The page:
I'm Wolf Blitzer.


The intelligence was certainly stunning, but so, too, is the way the U.S. concluded that Iran actually stopped work on a nuclear weapons program four years ago, possibly -- possibly obtaining some significant inside information from within Iran.

CNN's Brian Todd has been working on this story.

He's joining us now with more. Brian, what are you finding out?

BRIAN TODD, CNN CORRESPONDENT: Well Wolf, we've gone over that National Intelligence Estimate with experts who say some of that information simply could not have come from satellite imagery or intercepted messages. It had had to come from human intelligence.


TODD: Critical information on Iran's nuclear weapons program from the inside. Experts say the recent National Intelligence Estimate on Iran had information that was too precise to come from anywhere but Iranians themselves.

JOHN PIKE, GLOBALSECURITY.ORG: The parts where they talk about there having been a weaponization program that was suspended in 2003 and that as of a few months ago had not been resumed. That's the sort of information that only a defector, either in place or somebody who has left the country, is going to be able to tell you.

TODD: The "Los Angeles Times" reports that intelligence sources say the CIA did get some of that information from a handful of Iranian defectors. Contacted by CNN, the CIA would not comment on the story, which says the program to recruit defectors was launched in 2005.

A former CIA officer who was with the agency at that time says since the prewar intelligence failures over Iraq's weapons programs, U.S. spy agencies were under intense pressure from the very top.

PRES. GEORGE W. BUSH, UNITED STATES: I instructed the Intel community to beef up its intelligence on Iran so we could have a better sense of what they're thinking and what they're doing.

TODD: But the "L.A. Times" reports their sources say fewer than six Iranian officials have defected, none able to give comprehensive information about Iran's nuclear program. And there's an added risk.

BRUCE RIEDEL, FORMER CIA OFFICER: Any time you're dealing with a program like this, you have to expect that the enemy is practicing denial and deception. That means deliberately putting out information to confuse you or to take you off the right track. The Iranians are past masters at that.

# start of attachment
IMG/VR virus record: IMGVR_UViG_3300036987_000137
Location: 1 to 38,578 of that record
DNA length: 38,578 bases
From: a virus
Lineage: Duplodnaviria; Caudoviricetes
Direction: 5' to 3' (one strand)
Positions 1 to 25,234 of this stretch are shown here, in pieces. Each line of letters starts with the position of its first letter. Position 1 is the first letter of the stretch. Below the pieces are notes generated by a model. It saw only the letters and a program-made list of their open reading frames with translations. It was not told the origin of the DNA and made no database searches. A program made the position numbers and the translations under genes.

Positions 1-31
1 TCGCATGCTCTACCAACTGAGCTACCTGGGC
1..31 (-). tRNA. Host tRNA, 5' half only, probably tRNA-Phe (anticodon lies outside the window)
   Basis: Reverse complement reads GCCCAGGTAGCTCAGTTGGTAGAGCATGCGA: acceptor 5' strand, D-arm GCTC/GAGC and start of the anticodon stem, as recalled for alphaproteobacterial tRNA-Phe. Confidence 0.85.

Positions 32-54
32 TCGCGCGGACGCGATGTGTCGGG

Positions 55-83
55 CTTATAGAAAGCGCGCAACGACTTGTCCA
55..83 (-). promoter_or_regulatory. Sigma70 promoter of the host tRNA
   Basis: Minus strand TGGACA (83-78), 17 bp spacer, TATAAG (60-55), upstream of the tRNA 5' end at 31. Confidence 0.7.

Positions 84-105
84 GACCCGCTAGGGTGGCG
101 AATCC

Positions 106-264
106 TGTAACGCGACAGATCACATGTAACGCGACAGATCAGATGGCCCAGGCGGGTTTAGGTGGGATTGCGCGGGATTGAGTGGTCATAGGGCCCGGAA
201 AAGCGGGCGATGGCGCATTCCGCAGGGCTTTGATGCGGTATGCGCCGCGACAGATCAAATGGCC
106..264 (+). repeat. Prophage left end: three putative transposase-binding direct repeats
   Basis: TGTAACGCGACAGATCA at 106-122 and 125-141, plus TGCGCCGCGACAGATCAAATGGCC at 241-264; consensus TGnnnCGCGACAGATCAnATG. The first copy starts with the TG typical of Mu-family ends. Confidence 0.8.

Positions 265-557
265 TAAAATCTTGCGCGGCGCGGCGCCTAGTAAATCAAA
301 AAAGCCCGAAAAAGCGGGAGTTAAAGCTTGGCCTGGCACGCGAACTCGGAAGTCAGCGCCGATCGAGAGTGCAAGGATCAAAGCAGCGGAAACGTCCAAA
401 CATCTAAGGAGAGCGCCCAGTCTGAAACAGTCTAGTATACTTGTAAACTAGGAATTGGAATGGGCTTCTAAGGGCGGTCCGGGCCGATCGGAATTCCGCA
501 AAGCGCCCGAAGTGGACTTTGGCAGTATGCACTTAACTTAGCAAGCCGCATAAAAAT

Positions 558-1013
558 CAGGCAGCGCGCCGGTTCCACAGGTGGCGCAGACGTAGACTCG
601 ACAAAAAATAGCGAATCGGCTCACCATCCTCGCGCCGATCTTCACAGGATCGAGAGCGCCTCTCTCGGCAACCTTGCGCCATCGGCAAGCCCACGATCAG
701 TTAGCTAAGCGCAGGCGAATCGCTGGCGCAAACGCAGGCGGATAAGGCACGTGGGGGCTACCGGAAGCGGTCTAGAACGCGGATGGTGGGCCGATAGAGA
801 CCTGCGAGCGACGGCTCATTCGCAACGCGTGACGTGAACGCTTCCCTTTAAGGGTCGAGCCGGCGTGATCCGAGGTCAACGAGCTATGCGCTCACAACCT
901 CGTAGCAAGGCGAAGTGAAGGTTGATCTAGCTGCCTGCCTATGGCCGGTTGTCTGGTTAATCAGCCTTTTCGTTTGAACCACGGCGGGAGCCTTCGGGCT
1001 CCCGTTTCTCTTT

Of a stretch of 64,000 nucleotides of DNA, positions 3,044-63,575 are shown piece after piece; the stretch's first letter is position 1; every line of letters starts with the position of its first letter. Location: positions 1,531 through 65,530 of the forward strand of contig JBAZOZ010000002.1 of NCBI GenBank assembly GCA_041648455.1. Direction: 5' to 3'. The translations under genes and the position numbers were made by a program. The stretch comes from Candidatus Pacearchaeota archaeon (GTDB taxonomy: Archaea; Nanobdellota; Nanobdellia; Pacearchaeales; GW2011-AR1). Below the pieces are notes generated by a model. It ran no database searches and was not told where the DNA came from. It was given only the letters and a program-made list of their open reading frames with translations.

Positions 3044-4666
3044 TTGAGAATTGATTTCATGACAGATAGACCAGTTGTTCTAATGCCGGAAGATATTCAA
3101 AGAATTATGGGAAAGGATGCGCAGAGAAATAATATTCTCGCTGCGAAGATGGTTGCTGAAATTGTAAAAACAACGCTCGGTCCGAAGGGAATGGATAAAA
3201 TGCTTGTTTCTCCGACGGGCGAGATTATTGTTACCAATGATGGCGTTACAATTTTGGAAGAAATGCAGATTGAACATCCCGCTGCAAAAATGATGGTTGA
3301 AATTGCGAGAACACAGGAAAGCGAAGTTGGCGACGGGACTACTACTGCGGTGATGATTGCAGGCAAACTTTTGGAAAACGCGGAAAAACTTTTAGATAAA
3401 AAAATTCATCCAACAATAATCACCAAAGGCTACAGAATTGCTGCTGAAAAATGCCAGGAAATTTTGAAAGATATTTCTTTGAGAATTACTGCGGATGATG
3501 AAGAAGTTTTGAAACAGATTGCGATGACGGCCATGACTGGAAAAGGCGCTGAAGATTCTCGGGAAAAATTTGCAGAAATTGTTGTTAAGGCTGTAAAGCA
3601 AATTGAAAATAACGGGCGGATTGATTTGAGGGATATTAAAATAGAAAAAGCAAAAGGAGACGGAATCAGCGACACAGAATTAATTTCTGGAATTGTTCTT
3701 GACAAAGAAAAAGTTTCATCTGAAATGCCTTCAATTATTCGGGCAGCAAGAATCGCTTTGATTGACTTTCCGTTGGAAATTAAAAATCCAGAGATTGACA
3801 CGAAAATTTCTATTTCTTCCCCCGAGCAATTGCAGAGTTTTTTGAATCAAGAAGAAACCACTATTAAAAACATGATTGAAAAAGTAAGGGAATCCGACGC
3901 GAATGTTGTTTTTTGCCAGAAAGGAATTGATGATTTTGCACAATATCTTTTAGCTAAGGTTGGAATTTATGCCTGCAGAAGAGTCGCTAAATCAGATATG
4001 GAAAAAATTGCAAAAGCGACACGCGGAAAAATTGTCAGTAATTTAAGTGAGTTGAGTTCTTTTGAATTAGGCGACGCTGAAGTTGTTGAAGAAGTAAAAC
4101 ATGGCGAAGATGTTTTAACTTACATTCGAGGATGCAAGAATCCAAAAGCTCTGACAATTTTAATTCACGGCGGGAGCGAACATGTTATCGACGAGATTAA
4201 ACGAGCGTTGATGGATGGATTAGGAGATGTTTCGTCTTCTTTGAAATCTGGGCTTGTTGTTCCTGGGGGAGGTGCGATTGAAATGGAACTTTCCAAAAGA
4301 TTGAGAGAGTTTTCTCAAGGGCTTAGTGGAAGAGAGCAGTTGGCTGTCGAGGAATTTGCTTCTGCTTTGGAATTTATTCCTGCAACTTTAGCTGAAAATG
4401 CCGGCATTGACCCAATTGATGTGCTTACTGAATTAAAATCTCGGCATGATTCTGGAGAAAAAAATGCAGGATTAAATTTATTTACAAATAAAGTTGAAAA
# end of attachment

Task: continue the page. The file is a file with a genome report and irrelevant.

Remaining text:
TODD: But Bruce Riedel says unlike the Iraqi defector who passed bad information on Saddam Hussein's weapons program, these reported Iranian defectors would be multiple sources, and U.S. officials likely debriefed them in person. Wolf.

BLITZER: That Iraqi defector would have been Curveball as he was well known.

TODD: Right.

BLITZER: You did some reporting on that. Brian, what are the Iranians saying about all this?

TODD: Well, I spoke to an official at the U.N. who said he didn't have any information on officials who had defected from his country. He repeated his government's contention that its nuclear program is only for civilian energy so he said he will not comment on assumptions.

BLITZER: Thanks very much. Brian Todd reporting for us.

The New York Philharmonic has performed around the world, but one upcoming overseas concert is attracting a lot of attention right now. That's because that concert will be in North Korea.

Let's go to Mary Snow. She's joining us from New York with more on this. How could this be? What's going on, Mary?

MARY SNOW, CNN CORRESPONDENT: Well Wolf, the New York Philharmonic isn't giving out many details ahead of a formal announcement it plans to make tomorrow. We do know though that the concert is expected to take place February 26th and North Korea reportedly extended the invitation.